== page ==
Cinema Paradiso

The filmic implications and political undercurrents of Chicago instrumental metal kingpins Pelican.

Without a vocalist around to distract you via incoherent, misanthropic neuroses, instrumental metal often agreeably falls into the soundtrack-of-your-life realm. Hence, once you press play, you owe it to instrumental metal to do or imagine something adequately, y'know, filmic. You can do or imagine a lot of things while listening to Pelican, many of which don't even require hallucinogens: Write a short-story anthology in an abandoned dive bar that you have no intention of publishing; pretend your last-legs Escort is transforming into the Batmobile as you peel down I-5 toward the skyline; visualize the Scanners-style pastel exploding heads of anybody who's betrayed you. Hell, you can even refine your synchronized palm- muting/head-banging skills for the next annual Air Guitar World Championship that you won't actually enter. It might be kind of weird to add "smile" to that list, but with the release of The Fire in Our Throats Will Beckon the Thaw (Hydra Head), smiles qualify, and they will be of the 35mm variety.

It wasn't always like this. The depressive, driven doom crunch of Pelican's debut Untitled EP and 2003's Australasia could be directly traced to the stoic cavalry advances of Earth, Godflesh, Neurosis, and Isis. Their moniker certainly sounds docile, but if Pelican had taken, say, Mastodon first, nobody would've complained. Both records trampled you beneath galloping power riffs, then built a dense brick foundation right over your half-conscious, quivering body. Being buried alive had rarely been so (figuratively) breathtaking.

Still, unless you've read way too much Chuck Palahniuk, there's nothing transcendent about getting the shit kicked out of you. The Chicago-based quartet realized this and imbued Fire with nuance, metaphorical weight, and acoustic melancholia. Aside from the careening bullet train outro to "Autumn Into Summer," unadventurous metalheads will want for an annihilation that never comes. If trendy indie elitists can stomach Fire's innate (if tempered) aggression, Pelican's audience may double, and Will Oldham could be photographing them bobbing out of a lake in no time. Everyone else can simply relax, let the songs do the heavy lifting, and let their imaginations run amok. Happily.

"A lot of heavy music makes people focus on negative emotions," guitarist Trevor de Brauw says. "Somewhere in the course of writing Australasia, we became really interested in the idea of making heavy music that was more about feeling good. I think once we latched onto that, we kind of realized the artistic mission of the band and sort of where we wanted to go, soundwise. We're definitely a lot closer ideologically to what we're trying to do musically [on Fire] than we ever have been."

Right now is a good time to clarify that Pelican are not exactly the Coral Reefers sans some old goof in a Hawaiian shirt crooning about margaritas. This is a slightly more thought-provoking breed of feel-good band. When de Brauw began hammering out Fire's slow-burn epics with co-guitarist Laurent Lebec, bassist Bryan Herweg, and drummer Larry Herweg (yup, they're brothers), they frequently made adjustments for the sake of thematic continuity. It was initially easy to generate a superficial narrative—in an effort to avoid the punishing, unpredictable Windy City weather, de Brauw isolated himself on a North Carolina farm with his girlfriend. Voilà—seasonal tumult seemed like an obvious and winning metaphor, but as the album slowly came together, the band discovered a new underlying meaning behind its surprisingly optimistic sound.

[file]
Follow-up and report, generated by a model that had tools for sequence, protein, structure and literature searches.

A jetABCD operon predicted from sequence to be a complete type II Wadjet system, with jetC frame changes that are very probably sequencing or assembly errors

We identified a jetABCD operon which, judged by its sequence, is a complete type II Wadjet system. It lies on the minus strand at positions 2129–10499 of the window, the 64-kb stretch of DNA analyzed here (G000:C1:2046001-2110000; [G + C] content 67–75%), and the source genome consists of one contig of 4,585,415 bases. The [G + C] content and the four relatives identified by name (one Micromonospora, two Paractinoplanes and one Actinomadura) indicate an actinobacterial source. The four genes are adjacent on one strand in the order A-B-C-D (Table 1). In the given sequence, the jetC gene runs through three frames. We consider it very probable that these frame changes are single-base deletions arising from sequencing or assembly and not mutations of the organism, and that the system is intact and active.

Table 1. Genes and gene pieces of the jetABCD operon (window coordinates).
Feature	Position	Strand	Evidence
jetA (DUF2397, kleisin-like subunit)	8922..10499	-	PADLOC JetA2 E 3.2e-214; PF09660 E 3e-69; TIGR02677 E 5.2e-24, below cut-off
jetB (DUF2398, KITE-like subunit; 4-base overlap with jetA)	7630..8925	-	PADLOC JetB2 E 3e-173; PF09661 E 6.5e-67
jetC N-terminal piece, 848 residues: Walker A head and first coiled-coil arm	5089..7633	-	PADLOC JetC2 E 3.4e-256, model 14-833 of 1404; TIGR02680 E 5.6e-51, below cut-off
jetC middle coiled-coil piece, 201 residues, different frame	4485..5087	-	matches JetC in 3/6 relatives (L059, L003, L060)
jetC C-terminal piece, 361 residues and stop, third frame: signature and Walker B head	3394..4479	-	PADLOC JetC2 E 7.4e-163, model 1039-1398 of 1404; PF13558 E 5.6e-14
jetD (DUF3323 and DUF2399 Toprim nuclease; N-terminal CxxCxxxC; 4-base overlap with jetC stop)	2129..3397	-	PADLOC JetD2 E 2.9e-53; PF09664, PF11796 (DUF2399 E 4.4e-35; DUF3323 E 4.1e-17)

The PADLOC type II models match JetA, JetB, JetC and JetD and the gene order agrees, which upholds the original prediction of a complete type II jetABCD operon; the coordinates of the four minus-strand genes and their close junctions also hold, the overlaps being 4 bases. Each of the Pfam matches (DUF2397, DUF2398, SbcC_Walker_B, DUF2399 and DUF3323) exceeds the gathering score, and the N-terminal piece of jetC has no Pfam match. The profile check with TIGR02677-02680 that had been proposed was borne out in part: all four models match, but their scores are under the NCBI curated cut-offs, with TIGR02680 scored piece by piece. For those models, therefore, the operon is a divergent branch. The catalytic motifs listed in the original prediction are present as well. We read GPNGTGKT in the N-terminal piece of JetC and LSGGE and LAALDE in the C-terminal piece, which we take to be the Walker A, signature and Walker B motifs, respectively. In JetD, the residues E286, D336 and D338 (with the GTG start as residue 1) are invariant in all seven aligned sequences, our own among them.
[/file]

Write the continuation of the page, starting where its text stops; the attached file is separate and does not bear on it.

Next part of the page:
"'Red Ran Amber' was a song that was written about the shift from autumn into winter," de Brauw explains. "The song is supposed to signify the changing of the color of leaves and how it would be nice if we could reverse the process and go from winter into autumn; 'Autumn Into Summer' sort of suggests that shift, too. And what we ended up with was not necessarily an album about seasonal shifts—although in Chicago, yeah, the seasons can be pretty harsh—but, to a larger degree, [an album] about feeling out of control in a political climate or a cultural season that we don't really feel like we're a part of.

"That's kind of the problem with the political left in this country. Everyone I had talked to prior to the [2004 presidential] election was already talking like they'd been beaten. And even when the election was over, nobody felt like there was any hope any more. And it's fine to feel like that sometimes, but if you really want to effect change in your lives and the lives of people around you, you can't sit around feeling sorry all the time. So yeah, that's definitely an aim of the band, although I'd hesitate to say we have a political platform or anything like that. To the degree that the music is anthemic, it's anthemic about trying to take charge over coercive forces in your life and make a change."

Of course, if you're not quite prepared to dare to dream about an America independent of a Bush regime, you can go lowbrow and play a far more popular Pelican what-if game; the lads are constantly beaten down with the "If you did record with a vocalist, who would it be?" question. Despite the obvious suitability of a barking Justin Broadrick disciple, everyone in the band has revealed a surprising affection for über-melodic moptop Ken Andrews, formerly of defunct space-pop heroes Failure. Everyone, that is, but de Brauw.

"Oh, we would never have Ken Andrews sing!" he faux blanches, pausing with spot-on comic timing. "It would be John Lydon. He would get really frustrated that we have song structures and stuff, I'm sure."

Pelican play Neumo's with Big Business, Red Sparowes, and Golgothian Sunrise at 7 p.m. Sun., Aug. 14. $10. All ages.

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